October 17, 2018
Greater cyber resilience imperative for T&D utilities
By: Thomas C. Ryan

Accenture’s 2018 State of Cyber Resilience survey findings are in and, for utilities, the findings are a mixed bag. On the bright side: utilities are getting better at cybersecurity, with a 42 percent increase in cyber capabilities. Less upbeat: there is still a lot of room for improvement, especially when it comes to risk management (cited as a gap by 45 percent), cyber threat analytics (44 percent), incident response (41 percent) and threat intelligence (38 percent).

And the really bad news? The traditional role of cybersecurity—protecting IT network and applications—is only part of the security challenge. After all, IT isn’t the only technology at risk. The real “crown jewels” can be found within utilities’ operational technology, the geospatial information and industrial control systems that power your core business, your grid.

With a growing number of actors seeking to disrupt this critical infrastructure, security is no longer a matter of implementing a firewall or completing a compliance checklist. Every point of entry—from the supply chain to HR and the distributed infrastructure that supports operations—is a potential vulnerability.

Illustrating the threats

Imagine a global utility executive—let’s call him Jorg—who’s a consummate technologist and leading thinker in the cyber world. Jorg works in a very regulatory-focused company that has developed a strong cybersecurity program and is actively evolving its insider threat initiative. Quite naturally, the organization has developed a cultural bias that cyber is a technology problem and therefore should be handled by technologists alone. Which puts Jorg and his utility in very good company across all industries.

Trouble is, Jorg and his company are failing to achieve enterprise awareness of the human aspects of this “technology” problem. What’s more, this company hasn’t understood which side they are on in the global conflict over financial, critical infrastructure and national security. Consequently, the firm inadvertently made two crucial, and all too common, errors:

  • Outsourcing part of its IT to a provider based in a country that has an adversarial relationship with the country it serves. This outsourcing arrangement enabled this other nation direct, “trusted” access to servers powering utility operations.

  • Electing a senior executive from a competitive, economic power. When this executive fell under the influence of his home country’s security service, he began providing them with access to restricted company systems.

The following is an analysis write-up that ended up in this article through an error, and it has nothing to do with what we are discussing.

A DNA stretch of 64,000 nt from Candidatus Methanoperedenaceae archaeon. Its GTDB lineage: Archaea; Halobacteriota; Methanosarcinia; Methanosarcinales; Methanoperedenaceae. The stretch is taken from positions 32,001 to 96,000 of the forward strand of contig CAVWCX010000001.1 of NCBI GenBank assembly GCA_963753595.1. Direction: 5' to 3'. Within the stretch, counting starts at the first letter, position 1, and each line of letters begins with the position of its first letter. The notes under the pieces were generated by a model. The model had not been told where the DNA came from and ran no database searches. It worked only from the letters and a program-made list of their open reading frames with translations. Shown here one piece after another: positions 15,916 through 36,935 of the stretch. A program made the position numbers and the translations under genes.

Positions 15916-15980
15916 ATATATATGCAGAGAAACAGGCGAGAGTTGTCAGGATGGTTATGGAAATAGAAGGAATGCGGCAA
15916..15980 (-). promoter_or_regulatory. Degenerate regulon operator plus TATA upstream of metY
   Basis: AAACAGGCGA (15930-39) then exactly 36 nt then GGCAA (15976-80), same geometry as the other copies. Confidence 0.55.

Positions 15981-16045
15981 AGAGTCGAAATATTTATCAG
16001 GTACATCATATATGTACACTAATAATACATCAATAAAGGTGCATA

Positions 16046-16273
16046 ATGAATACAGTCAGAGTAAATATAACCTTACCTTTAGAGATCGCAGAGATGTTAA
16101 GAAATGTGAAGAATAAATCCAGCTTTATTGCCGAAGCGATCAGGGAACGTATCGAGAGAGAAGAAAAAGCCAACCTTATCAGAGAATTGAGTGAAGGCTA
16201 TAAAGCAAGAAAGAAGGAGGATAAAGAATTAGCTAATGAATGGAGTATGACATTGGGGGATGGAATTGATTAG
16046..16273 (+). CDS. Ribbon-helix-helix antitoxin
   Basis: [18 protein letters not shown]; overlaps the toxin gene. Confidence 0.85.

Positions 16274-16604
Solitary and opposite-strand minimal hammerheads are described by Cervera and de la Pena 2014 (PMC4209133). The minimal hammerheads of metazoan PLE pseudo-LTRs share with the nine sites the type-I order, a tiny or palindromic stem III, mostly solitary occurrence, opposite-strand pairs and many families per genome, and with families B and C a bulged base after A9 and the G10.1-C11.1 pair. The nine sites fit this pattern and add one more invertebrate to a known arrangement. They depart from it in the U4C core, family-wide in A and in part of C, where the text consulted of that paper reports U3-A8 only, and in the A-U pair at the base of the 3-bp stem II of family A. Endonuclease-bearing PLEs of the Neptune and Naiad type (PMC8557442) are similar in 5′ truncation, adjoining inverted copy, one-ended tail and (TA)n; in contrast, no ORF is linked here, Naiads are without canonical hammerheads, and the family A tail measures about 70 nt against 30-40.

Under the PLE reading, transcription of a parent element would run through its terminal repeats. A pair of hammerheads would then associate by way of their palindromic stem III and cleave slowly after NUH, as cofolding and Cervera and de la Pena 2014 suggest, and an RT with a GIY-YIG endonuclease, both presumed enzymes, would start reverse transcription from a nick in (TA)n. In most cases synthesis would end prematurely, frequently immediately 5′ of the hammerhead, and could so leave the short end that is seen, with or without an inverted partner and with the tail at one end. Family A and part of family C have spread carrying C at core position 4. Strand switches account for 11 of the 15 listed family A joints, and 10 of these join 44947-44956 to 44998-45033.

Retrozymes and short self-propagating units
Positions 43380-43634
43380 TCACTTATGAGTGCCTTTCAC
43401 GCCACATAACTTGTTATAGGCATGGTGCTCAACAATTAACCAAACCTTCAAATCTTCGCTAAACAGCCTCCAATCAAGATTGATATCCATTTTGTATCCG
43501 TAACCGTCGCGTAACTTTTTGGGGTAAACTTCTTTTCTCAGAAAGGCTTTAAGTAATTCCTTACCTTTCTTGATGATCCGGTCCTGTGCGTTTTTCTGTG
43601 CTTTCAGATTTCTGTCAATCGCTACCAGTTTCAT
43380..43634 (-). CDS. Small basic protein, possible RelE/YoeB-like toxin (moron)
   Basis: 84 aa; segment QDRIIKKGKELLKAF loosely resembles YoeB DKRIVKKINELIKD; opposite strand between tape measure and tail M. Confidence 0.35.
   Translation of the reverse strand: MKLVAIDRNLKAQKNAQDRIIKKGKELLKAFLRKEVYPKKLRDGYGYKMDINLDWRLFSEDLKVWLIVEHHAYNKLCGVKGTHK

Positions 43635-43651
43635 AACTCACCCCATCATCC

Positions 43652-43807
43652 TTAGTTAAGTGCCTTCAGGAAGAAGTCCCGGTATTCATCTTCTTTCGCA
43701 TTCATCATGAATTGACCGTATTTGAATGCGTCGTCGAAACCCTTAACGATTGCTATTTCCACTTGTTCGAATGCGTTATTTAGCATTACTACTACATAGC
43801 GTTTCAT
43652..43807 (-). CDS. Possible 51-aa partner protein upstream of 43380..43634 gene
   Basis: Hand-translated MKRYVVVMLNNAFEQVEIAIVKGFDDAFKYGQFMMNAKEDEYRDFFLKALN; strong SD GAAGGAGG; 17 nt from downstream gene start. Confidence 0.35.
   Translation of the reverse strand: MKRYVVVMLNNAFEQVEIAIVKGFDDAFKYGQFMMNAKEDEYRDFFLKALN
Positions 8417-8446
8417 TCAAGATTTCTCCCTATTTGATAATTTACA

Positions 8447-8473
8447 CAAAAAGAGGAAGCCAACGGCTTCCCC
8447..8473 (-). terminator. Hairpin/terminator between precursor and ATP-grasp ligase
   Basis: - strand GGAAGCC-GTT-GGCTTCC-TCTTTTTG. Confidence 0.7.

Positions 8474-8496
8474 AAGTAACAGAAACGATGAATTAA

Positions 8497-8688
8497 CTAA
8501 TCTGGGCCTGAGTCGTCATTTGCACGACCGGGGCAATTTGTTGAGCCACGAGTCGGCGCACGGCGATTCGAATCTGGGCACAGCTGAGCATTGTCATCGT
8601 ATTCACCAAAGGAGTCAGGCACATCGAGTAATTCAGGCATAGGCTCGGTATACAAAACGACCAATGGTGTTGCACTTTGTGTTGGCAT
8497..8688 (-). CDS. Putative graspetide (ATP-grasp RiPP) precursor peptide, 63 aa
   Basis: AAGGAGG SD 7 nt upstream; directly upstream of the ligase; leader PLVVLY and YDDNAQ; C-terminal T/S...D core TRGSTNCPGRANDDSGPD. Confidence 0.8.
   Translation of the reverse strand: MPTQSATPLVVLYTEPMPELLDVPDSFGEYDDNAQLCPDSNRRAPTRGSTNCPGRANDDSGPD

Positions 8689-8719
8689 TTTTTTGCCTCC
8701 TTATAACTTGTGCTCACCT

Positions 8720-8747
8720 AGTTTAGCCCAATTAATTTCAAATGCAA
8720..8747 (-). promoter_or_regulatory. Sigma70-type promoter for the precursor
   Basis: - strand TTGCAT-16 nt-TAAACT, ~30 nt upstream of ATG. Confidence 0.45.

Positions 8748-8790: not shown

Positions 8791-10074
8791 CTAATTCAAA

Two foreign powers were given trusted, insider access behind the firewall. In other words, the company twice admitted the modern version of the Trojan Horse—despite having some of the best technology defenses.

Sound like a farfetched movie plot? It’s not. These are very timely examples of the threats utilities could now face. You might have the best technological threat intelligence on a nation’s cyber capabilities. But if you’re hiring people from that nation into your technology or operational team—or sourcing sensitive technology through that country—you may be securing the front door but leaving the back door wide open.

Shifting from cyber to intelligent grid security

Given these realities, it’s critical to change how utilities view and manage security. These five areas highlight what it takes to shift from cybersecurity to intelligent security:

  1. Rethink security, risk and funding. Share accountability across functions and departments, and break down silos through integrated risk, asset and investment processes. Elevate cyber risk so that it’s prioritized alongside safety, reliability, reputational and financial risk.

  2. Choose sides. Start “seeing” things the way nations’ intelligence agencies do. When you understand geopolitics in utilities, you can accurately identify who wants access to your systems and their capabilities. Only then can you design an effective defense.

  3. Understand supply chain risk. Manufacturers can embed vulnerabilities into the chips or components of complex systems. You must be able to trust your supply chain—and not just outsource the risk—for critical assets.

  4. Build threat intelligence. With humans causing most cyber attacks globally, they represent your biggest risk. That’s true whether they work (or worked) within your utility or for a vendor in your supply chain. Mitigate the risks by building better threat intelligence along with insider threat and vendor verification programs.

  5. Focus on human performance. Culture is at the heart of improving security, resilience and response. Train your entire workforce to recognize security issues and to follow a process-focused response capability that you can execute if your technology has been disabled or compromised.

From generator to meter, utilities serve our communities and our nations with a critical service. Accenture’s research shows that utilities are making progress in cybersecurity. But if companies don’t begin to educate and engage their boards of directors, executives, HR, engineering, operations and supply chain teams on threats to critical infrastructure, any increasing investments in technology are unlikely to deliver what’s really needed: intelligent grid security.

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